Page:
This clip I found made me laugh and it is related to what you have wrote about observational learning. It depicts a girl learning to do her makeup from watching someone else do theirs. This is exactly how I learned to do my own makeup, when I was young I would watch my mom put on her makeup, then I would start playing with it myself. This is interesting to me because the other day as I was driving I was thinking about how I do my makeup and how similar I do it to my mom. It is obvious that observational learning played a huge role in my behavior and the way I apply it. Learning skills as well as behavior can come from observational learning (Cherry, n.d.). I also think about other things my parents used to do that I now do, as well as how they behave in social settings. It is amazing how much you pick of from someone from years of observing their behavior. Luckily, I feel the behaviors I have learned are positive ones. It is important knowing the effect that observational learning can have on others and try to promote positive behaviors as much as possible.

    Cherry, K. (n.d.). What Is Observational Learning? Retrieved from

  5. Your example is quite familiar to me. When I was a child, my mom constantly said “do as I say, not as I do” to me. Every time she said that I was thinking “why you could do it but I couldn’t?” Therefore I never listened to her. Bandura’s theory of observational learning certainly could explain this. Accoding to Bandura’s observational learning theory, children would learn behaviors through observations (The Pennsylvania State University, 2015). Based on that, children would learn their parents’ behaviors through observations. Therefore it could be assumed that though parents say “do as I say, not as I do” to their children, their behaviors would still be learned by children through observational learning. This may be the reason why we say we are like our parents.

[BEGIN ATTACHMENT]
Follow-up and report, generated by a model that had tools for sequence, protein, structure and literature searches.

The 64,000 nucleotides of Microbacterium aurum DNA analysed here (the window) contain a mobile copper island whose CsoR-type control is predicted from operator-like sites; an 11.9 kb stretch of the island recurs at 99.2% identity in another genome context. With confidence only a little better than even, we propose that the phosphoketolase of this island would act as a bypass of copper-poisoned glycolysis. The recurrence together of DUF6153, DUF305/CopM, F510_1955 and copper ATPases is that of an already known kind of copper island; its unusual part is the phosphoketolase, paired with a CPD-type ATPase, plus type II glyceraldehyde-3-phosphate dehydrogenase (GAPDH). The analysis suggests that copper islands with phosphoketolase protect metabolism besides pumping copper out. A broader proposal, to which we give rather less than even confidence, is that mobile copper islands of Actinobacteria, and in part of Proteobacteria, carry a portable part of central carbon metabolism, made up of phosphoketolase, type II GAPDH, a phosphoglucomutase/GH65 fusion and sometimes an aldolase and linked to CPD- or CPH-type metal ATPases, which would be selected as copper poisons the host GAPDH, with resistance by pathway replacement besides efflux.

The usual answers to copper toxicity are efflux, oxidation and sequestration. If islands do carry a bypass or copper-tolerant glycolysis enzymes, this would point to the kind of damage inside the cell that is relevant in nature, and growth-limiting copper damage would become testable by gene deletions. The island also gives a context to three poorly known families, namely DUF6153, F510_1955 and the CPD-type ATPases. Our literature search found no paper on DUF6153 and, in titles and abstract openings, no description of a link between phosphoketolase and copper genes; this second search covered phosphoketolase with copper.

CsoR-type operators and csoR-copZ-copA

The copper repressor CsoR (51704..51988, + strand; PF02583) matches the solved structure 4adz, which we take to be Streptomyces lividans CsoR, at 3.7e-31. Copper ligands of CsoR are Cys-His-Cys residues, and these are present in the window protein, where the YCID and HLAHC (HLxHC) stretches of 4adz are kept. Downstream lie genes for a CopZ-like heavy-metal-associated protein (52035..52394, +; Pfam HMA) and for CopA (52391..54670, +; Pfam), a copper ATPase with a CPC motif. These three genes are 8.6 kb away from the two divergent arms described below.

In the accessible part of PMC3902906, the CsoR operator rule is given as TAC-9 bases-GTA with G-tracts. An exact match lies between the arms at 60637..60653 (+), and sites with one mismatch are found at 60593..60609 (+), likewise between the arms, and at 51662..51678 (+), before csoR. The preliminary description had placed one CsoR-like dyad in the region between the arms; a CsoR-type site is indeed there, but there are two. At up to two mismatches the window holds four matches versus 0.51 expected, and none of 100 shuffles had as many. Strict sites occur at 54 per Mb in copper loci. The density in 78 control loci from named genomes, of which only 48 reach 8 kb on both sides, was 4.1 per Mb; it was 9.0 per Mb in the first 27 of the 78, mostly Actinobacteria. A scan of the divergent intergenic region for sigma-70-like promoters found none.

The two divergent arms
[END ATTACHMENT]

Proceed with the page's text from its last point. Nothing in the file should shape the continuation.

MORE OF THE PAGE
Bandura’s theory could work on children, but is it working well with adults as well? I noticed in your post you mentioned that we could watch the video of monkeys petting their puppies to learn that behavior for ourselves. I believe observational learning could still work on adults, but would it be as effective as it works on children? One of the differences between adults and children is adults already conducted their values and attitudes toward the world. They have their own opinions and ways of thinking. These are fixed in a long term perspective. In other words, adults could choose which behaviors they would follow and which they would not, because they have preference for differed behaviors. For each adult the right behaviors and wrong behaviors are different. Therefore, observational learning could be chosen by adults. They could choose which behaviors they would like to learn and which they do not like at all. Based on that to me watching a video of monkey may not work on adults’ behaviors much.

    The Pennsylvania State University. (2015). ‘Learning’ in Lesson 10: Education. PSYCH 424: Applied Social Psychology. Website: